House Armed Services Military Personnel Subcommittee Chairman Jim Banks, a Republican from Indiana, recently asserted that the US Navy should issue an apology for supporting Henry Rogers, who is better known as Ibram X. Kendi, a prominent figure associated with critical race theory. Kendi has faced scrutiny recently due to a financial mismanagement investigation initiated by Boston University authorities.
In an interview with Breitbart News, Banks expressed his view that the US Navy is making an error by featuring a fraudulent individual and a vehement anti-American radical on its recommended reading list. When questioned about the rationale behind his criticism, Banks asserted that Kendi has consistently exhibited deceitful behavior.
Furthermore, he emphasized that the Navy should issue an apology to all its servicemen and women for endorsing and propagating the ideas of a radical leftist figure.
Banks’ remarks to Breitbart followed Boston University’s announcement on September 21, revealing their initiation of an investigation into the Center for Antiracist Research led by the author. In an official statement, the university explained that this inquiry was prompted by reports of the center dismissing more than half of its staff amidst allegations of inefficiency and the improper use of $43 million in contributions.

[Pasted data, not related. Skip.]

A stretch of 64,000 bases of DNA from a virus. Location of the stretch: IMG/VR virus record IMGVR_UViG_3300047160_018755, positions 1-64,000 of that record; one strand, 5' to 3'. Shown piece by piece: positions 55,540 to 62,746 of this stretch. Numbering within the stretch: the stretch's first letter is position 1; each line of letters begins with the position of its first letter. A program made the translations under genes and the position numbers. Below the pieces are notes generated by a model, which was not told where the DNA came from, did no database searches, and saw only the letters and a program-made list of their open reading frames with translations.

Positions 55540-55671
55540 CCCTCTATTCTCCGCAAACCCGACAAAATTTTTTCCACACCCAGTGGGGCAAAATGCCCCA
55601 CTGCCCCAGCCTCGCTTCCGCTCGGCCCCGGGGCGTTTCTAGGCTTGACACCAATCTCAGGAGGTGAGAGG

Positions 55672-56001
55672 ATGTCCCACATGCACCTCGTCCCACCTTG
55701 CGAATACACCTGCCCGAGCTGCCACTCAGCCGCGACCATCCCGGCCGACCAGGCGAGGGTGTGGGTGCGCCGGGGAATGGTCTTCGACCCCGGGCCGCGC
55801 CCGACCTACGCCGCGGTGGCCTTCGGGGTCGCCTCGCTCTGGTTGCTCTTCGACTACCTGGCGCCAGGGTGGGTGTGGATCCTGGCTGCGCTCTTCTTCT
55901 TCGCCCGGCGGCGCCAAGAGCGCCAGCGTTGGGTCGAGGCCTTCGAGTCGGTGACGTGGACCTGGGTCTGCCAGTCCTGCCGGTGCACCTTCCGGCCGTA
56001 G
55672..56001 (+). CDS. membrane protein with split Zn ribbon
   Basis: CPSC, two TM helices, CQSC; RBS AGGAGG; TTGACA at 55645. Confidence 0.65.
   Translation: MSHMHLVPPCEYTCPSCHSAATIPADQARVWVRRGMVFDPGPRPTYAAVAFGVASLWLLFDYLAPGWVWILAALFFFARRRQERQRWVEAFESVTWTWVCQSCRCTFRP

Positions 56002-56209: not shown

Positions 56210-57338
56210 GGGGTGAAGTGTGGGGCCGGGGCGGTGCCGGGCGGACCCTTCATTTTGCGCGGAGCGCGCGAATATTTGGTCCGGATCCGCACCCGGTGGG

Subsequently, the Boston Globe published an interview in which one of the university’s professors, Saida Grundy, who had been employed at the center from 2020 to 2021, expressed uncertainty regarding the whereabouts of the funds.
In 2021, the first instance of Kendi being included in the Navy’s recommended reading list for sailors occurred when former Chief of Naval Operations Admiral Michael Gilday suggested his book, titled “How to Be an Antiracist.” At that time, Banks, who was a naval reservist, strongly criticized Gilday a couple of weeks after the book’s recommendation. Banks argued that having a radical leftist figure like Kendi on the Navy’s reading list was inappropriate.
In response to Banks’ criticism, Gilday asserted that racism was a significant issue in the United States and defended Kendi by suggesting that it was essential to consider the context in which Kendi wrote the book.